What Bush really knew about Harriet Miers

Earlier this month, the president tried to suggest that he didn't know his nominee's views on abortion. He did.

By Tim Grieve
Published October 19, 2005 1:52PM (EDT)

As we noted a couple of weeks ago, George W. Bush did a little dance when he was asked, during a Rose Garden press conference, what he knew about Harriet Miers' views on abortion. The president kept saying that he didn't have a "litmus test." And when somebody asked him whether he'd ever asked Miers about her views on abortion, he suggested that he didn't remember. "Not to my recollection have I ever sat down with her," he said. "What I have done is understand the type of person she is and the type of judge she will be."

We were skeptical then -- did Bush really nominate someone whose views on abortion he didn't know? -- and it turns out that our skepticism was warranted. As we reported yesterday, a questionnaire Miers completed in 1989 makes it clear that she has held some extreme anti-abortion views. And as the Washington Post reports today, Bush was told about that questionnaire before he offered her a Supreme Court nomination. The president "was informed of the views she had expressed as a candidate for public office back in the late '80s," Scott McClellan says.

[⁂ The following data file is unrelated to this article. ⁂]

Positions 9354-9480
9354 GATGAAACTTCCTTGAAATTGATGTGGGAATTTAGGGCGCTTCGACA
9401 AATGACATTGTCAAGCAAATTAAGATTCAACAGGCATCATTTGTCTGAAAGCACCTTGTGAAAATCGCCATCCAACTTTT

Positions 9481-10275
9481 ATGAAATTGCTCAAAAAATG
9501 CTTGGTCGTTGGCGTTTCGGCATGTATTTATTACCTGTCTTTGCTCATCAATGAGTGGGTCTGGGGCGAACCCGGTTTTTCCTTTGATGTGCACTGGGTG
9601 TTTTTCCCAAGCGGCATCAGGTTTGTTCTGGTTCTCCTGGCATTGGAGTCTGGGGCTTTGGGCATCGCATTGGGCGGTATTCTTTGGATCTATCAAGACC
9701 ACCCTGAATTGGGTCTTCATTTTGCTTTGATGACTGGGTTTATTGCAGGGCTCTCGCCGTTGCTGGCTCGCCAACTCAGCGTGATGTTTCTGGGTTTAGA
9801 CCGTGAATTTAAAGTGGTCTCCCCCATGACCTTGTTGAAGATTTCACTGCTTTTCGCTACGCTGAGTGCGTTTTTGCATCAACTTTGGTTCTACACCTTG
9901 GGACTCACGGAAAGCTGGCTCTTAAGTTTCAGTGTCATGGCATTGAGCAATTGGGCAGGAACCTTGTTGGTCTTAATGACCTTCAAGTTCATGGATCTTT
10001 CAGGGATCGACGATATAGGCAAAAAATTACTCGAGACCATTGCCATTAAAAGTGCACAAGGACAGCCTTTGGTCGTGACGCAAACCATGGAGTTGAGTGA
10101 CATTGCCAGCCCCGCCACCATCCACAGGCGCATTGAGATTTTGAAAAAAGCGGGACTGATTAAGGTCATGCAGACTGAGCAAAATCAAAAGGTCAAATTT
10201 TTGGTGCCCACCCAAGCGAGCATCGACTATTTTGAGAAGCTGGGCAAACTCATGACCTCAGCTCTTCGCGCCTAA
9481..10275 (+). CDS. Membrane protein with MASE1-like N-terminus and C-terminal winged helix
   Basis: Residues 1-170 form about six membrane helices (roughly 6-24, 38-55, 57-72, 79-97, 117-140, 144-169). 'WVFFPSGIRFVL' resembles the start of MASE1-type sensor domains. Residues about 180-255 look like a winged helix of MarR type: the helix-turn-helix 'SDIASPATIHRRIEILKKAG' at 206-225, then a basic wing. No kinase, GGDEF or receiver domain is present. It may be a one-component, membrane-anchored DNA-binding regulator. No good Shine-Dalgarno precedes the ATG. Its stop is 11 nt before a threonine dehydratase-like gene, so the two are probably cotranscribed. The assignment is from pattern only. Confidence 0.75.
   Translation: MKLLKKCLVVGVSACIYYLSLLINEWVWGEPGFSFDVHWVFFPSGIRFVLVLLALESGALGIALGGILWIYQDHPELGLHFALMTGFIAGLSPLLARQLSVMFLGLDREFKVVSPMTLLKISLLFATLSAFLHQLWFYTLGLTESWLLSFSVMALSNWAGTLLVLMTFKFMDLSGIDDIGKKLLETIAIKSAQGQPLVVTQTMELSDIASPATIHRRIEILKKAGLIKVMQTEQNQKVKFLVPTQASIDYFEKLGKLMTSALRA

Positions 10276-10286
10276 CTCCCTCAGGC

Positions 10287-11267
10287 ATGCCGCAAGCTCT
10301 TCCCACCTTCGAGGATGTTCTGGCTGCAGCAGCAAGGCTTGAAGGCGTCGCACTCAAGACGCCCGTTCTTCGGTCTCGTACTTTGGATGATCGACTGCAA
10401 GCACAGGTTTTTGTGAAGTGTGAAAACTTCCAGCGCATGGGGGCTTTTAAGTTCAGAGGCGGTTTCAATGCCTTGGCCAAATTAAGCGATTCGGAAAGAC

Tim Grieve

Tim Grieve is a senior writer and the author of Salon's War Room blog.

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